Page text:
The second area is cooperation in signals intelligence. Maduro’s regime has used signals intelligence for the surveillance of the Venezuelan opposition and for monitoring the border with Colombia. Venezuela lacks a readily-available high-tech industry capable of supplying the tools for these operations, so it must reach out to foreign partners, including Russia. In the past, Russia has cooperated with other states to support their signals operations. For instance, Putin himself mentioned in 2019 that Russia is assisting the construction of China’s missile early warning system. In Venezuela, cooperation has been wide-ranging. The first instance of cooperation in this area may have taken place in 2015. According to an insider military source cited anonymously by Infobae, Venezuela has been using P18 military radars since that year to monitor Colombian airspace. Since then, the two countries have cozied up in signals intelligence matters. In 2018 Venezuela joined GLONASS — Russia’s answer to the GPS network -, widely suspected to be monitored by Russian intelligence. In July 2022, both countries agreed to open in Venezuela Russia’s sixth GLONASS installation in Latin America.
Signals cooperation has special value for Caracas in its conflict with Colombia. Russian specialists have been active as recently as 2021 in giving technical assistance to Venezuelan military intelligence and their radio signals intelligence, especially by the border. Namely, Russian specialists have been active in setting up at least six such installations, five close to the Colombian border and one in Caracas. (Reportedly, a key reason why these Russian specialists are not permanently stationed by the border is that they, simply, prefer to stay somewhere more ‘comfortable’.) Colombia has been a target for Russia’s own operations. Bogotá has been a close NATO partner for years and one of the few non-NATO states to provide any sort of military support to Ukraine in 2022. Russian spies have been active in Colombia, collecting information on Colombian electric and energy infrastructure. In December 2020, Colombia expelled two Russian diplomats reportedly working as spies under diplomatic cover.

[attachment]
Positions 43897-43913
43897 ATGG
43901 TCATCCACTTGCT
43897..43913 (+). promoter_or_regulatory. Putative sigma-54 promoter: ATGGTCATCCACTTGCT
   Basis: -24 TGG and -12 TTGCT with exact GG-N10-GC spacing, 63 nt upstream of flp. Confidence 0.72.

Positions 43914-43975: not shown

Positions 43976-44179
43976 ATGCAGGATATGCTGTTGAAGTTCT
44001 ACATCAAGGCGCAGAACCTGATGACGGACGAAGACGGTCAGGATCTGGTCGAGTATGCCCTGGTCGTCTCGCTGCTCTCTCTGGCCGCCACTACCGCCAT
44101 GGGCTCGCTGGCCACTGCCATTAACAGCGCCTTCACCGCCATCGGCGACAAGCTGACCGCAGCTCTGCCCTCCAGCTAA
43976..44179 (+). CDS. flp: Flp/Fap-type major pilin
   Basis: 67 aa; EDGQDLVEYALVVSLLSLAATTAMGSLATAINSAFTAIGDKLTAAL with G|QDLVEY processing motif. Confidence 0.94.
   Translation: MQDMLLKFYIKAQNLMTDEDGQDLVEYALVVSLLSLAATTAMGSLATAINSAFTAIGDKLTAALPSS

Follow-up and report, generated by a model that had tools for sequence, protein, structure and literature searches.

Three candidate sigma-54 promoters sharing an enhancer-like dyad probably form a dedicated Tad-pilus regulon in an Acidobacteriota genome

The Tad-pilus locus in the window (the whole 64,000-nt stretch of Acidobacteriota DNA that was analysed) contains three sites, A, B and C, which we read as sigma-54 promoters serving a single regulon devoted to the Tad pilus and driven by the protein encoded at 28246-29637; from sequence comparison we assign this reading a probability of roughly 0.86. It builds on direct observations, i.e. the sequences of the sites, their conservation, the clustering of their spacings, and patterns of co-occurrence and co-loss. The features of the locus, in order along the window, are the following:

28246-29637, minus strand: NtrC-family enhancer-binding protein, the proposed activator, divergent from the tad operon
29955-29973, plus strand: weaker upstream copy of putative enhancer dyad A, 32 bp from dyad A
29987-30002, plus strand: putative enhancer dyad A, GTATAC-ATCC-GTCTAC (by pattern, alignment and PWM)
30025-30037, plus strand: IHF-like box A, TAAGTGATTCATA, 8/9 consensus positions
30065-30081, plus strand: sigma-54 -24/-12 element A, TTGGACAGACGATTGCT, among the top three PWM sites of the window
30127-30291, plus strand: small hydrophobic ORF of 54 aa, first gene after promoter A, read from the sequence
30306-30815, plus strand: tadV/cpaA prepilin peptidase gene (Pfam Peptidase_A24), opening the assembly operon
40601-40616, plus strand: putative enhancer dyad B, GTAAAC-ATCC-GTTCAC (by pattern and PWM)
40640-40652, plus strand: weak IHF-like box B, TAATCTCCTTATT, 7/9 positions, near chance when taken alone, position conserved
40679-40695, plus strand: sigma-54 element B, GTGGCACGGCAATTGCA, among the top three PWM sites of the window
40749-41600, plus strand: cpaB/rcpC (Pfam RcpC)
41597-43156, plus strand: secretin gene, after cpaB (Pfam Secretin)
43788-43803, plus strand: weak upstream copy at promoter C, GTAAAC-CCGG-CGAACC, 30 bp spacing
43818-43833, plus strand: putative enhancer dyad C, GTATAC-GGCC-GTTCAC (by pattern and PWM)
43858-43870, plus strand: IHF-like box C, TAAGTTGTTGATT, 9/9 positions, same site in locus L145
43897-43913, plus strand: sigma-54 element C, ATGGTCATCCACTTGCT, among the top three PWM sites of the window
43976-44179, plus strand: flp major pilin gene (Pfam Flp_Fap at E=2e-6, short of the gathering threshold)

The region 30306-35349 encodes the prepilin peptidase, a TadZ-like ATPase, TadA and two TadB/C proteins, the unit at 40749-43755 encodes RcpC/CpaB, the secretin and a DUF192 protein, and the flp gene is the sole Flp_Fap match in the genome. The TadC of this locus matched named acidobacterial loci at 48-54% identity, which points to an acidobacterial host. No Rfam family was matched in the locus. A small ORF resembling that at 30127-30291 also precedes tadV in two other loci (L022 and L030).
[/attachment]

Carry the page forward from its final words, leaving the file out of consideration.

The third area of cooperation is cyberwarfare, though here we know very little. In 2014, Venezuela created a cyber defence directorate under the military. Venezuela does not have a substantial information technology industry in its territory, so its access to top technology comes from abroad. Due to international sanctions and reputational risks, Caracas’ main partners on this matter are only those countries aligned with its anti-US foreign policy, namely, China, Iran and Russia. Since 2015, in response to Venezuela’s radio information collection, Colombia has been building cyber-defence capabilities.
What is ahead
Russia has lost much due to its unprovoked war of aggression against Ukraine. While its GDP has not contracted as significantly as expected, it is now a pariah state, erring into autarky and retrenchment. These new circumstances may be driving a rebalancing in the bilateral relationship. Russia’s relative decline and US re-engagement with Venezuela might be enhancing Caracas’ bargaining power. But, Russia is not without leverage in Caracas. During a 14 December visit to Venezuela, Aleksander Novak raised the issue of Venezuela’s debt to Russia as debt restructuring talks loomed. In addition, state officials from both countries hint at long-term cooperation remaining a priority. Russia’s extensive military and intelligence cooperation might give Moscow the edge in its relations with Venezuela. In the end, Maduro might consider that he cannot lose Russia.